1. He does realize that a criminal does not need a gun to commit a crime if the victim was suckered into giving theirs up at a gun buy back, right?

  2. “…during the drive a woman brought in a loaded, 9 mm handgun that belonged to her late husband. It was still in the holster and she was unsure how to unload it.”

    Come on people. Why are we not teaching our wives how to clear our weapons?!?

    • Maybe because they don’t want to learn?
      EEEEEEW, get that ICKY gun away from me or you’re sleeping in the garage…

      • Don’t know about you, but I wouldn’t be the one sleeping in the garage.

        I’d fill her spot in bed with my favorite rifle, just to add insult to injury.

        • You’d be surprised what you can accomplish when YOU hold out on your wife.

          That or you’ll find out that your marriage is over, but then why go on living a lie…

        • I agree with you but could you please keep your opinion to yourself it being bad PR and all.

        • It is legal, in self defense. However at no point is it appropriate to resort to violence to resolve a verbal dispute (for either gender).

    • And why didn’t this diligent law enforcement officer arrest her for illegally transporting that loaded pistol concealed in her car? Pretty good bet she does not have a CCW.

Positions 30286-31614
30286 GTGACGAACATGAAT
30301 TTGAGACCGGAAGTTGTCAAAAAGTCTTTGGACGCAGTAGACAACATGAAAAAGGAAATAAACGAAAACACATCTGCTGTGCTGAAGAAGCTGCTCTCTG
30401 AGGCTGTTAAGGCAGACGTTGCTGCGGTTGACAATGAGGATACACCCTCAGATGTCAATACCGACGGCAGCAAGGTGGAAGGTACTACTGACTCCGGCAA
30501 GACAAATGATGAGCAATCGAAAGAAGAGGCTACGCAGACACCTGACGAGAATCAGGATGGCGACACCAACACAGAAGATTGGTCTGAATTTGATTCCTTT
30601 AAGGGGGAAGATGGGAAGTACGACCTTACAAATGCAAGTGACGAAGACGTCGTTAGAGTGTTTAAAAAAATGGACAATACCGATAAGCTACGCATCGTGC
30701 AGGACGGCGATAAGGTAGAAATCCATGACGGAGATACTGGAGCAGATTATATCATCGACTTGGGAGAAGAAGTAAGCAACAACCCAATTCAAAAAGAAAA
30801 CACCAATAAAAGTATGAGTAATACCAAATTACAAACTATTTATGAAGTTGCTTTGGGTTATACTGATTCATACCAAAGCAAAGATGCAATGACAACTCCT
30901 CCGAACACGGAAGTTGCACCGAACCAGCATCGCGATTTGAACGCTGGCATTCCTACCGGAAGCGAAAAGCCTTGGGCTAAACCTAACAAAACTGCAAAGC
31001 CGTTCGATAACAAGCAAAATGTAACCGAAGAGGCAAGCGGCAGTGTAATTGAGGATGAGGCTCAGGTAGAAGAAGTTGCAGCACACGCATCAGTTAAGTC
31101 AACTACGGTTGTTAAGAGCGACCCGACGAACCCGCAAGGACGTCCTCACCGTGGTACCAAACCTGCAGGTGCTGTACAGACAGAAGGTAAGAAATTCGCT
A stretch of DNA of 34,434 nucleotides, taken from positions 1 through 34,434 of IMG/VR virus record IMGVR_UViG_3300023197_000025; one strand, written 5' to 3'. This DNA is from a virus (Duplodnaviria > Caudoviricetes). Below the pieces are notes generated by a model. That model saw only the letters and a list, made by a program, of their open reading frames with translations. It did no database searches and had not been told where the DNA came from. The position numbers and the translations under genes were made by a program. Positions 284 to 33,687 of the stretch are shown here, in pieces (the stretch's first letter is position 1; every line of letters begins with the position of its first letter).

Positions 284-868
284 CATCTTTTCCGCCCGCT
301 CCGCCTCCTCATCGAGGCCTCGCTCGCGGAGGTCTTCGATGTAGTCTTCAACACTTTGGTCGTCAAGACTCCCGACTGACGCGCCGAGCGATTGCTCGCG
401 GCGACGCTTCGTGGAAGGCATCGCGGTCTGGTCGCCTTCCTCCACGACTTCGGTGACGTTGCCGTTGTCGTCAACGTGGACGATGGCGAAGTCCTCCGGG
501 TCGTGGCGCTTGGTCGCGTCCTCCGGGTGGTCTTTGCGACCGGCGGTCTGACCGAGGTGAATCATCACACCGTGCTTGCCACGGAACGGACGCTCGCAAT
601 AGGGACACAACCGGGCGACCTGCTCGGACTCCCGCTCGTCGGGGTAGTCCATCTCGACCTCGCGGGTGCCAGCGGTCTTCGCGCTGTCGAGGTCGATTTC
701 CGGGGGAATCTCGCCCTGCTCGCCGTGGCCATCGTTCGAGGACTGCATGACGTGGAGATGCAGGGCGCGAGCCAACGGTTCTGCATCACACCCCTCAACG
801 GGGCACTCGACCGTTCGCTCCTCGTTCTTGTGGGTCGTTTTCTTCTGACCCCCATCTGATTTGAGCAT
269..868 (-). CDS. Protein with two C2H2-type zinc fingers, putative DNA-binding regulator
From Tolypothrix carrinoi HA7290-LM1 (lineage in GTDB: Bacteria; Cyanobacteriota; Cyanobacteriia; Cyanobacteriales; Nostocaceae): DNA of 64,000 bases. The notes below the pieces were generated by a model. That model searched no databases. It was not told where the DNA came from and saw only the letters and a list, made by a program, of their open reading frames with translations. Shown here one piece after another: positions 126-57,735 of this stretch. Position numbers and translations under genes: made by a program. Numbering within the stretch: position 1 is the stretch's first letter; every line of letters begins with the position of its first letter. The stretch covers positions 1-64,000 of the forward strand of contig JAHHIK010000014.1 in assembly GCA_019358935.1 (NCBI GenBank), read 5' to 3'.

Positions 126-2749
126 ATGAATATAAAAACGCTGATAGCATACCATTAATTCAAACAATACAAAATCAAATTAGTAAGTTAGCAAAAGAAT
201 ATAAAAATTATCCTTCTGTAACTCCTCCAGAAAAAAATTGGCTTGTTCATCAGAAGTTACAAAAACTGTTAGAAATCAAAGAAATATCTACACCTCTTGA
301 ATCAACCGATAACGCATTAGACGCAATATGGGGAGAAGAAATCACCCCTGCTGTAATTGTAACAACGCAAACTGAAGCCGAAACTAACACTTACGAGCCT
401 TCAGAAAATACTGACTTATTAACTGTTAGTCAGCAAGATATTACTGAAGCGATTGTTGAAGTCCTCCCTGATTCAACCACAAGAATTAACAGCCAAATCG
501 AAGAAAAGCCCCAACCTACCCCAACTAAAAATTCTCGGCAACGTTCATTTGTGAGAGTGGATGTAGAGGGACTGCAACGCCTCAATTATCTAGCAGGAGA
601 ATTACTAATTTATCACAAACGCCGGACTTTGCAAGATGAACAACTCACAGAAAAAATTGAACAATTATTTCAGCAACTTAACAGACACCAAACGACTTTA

• Well in this case her husband was dead, but the least this women could have done was call a person who knows what to do with guns to deal with it, maybe give it to them, instead of creating a potential disaster where she accidentally shoots a cop in the face with a gun she know jack shit about. I’ve always said the only kind of people that scare me with guns more then those with ill intentions and knowledge to cause havoc is those with no knowledge and no intentions to do so.

  3. Exactly. Guns that don’t exist can’t be stolen. The biggest problem in our “criminals steal guns” rant. Well, if you didn’t have them they couldn’t steal them. Problem is if they really admit to that then there is no “I support the second, but”, rather, we need to remove all civilian owned guns. It is at the end of the day the Fudd mentality, no one needs them and if they’re there they can be stolen and used in crime. So, ultimately the goal of the “but” folks needs to be to limit the absolute number of civilian owned firearms, legal or otherwise, regardless of cosmetic features.

    That said, $400 for a real WWII era French gun (never fired, dropped once)? Don’t care if it shoots or I can get ammo, I want it on my wall for posterity sake. the more they melt the more valuable it will be.